Tools from the trenches: David Sheff’s book on parenting an addict

Author David Sheff documented his son’s addiction and his family’s torturous quest for recovery in his first book on the topic, Beautiful  Boy.  That book had struck a painful nerve in me, especially the twisted co-dependency that complicated an already complicated picture.  Imagine:  you’ve just had a stroke, and the one thought coursing through your mind is “How is my child?  How is my child?  How is my child?”  That warped sense of priorities seems all too familiar to parents of addicts who often assume second position behind the incessant demands of their child’s substance chemical dependency.

David Sheff hits another home rum with, Clean: Overcoming Addiction and Ending America’s Greatest Tragedy.  This honest, accurate and empathetic book validated my experience.  Here’s a sample of what he writes:   ‘The view that drug use is a moral choice is pervasive, pernicious, and wrong. So are the corresponding beliefs about the addicted — that they’re weak, selfish, and dissolute; if they weren’t, when their excessive drug taking and drinking began to harm them, they’d stop. The reality is far different.”  You can read a longer excerpt of the book here.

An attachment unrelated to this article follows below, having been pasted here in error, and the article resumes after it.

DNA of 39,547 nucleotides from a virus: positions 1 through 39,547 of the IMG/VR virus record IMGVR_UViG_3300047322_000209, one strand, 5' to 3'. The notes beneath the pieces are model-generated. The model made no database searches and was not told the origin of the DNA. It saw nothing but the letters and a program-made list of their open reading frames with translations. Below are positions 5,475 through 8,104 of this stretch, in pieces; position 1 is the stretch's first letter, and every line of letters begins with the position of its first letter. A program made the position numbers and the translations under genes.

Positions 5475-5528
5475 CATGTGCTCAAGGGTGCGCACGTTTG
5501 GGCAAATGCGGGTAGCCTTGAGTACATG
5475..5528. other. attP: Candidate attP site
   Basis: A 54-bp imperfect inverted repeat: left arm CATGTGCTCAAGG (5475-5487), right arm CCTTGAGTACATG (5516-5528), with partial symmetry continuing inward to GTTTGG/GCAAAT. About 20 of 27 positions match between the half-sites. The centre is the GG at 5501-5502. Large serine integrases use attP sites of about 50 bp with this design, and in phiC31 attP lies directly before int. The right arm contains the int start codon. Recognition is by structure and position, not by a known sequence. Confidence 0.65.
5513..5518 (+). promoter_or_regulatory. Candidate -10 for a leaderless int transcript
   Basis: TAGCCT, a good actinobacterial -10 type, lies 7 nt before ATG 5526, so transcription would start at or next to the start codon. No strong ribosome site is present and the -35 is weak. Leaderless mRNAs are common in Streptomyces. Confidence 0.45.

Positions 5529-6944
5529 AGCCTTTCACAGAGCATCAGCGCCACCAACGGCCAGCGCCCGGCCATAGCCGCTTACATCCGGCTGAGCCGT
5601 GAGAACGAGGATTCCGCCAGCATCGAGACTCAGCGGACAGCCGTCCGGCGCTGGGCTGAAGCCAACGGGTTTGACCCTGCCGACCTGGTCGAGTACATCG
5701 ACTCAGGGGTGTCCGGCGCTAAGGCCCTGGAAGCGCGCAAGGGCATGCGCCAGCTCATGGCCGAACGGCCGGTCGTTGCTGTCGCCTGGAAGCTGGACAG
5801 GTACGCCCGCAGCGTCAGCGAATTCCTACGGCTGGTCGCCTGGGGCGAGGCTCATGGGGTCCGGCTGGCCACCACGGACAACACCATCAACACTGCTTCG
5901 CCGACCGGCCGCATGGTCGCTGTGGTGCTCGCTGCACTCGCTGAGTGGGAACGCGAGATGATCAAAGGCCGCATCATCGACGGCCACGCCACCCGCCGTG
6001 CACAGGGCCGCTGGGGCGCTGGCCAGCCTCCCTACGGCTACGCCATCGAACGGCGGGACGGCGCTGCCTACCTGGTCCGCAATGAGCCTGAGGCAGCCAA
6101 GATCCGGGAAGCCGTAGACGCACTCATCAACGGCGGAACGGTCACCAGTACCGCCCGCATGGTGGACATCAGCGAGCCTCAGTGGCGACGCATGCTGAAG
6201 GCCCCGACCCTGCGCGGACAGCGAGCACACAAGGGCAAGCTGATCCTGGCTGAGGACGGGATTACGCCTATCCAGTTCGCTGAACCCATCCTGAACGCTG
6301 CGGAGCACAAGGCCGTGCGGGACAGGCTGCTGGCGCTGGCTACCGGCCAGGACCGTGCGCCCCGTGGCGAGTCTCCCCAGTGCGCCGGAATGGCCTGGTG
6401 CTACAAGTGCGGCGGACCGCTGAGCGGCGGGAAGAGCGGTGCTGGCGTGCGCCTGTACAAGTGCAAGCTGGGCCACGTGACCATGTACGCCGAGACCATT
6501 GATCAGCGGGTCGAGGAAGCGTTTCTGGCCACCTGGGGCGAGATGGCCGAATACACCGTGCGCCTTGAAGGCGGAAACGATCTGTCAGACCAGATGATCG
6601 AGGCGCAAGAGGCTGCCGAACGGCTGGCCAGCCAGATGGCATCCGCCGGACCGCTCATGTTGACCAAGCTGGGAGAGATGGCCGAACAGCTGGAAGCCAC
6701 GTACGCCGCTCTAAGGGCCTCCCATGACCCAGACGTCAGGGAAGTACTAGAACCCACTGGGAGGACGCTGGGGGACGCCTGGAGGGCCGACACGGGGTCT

They say that, in recovery, all that needs to change is EVERYTHING.  That goes for knowledge and attitudes, too:  yours, mine, our children’s, the public’s.  Clean offers a powerful tool to change the attitudes that impact course of our loved ones’ addiction and recovery.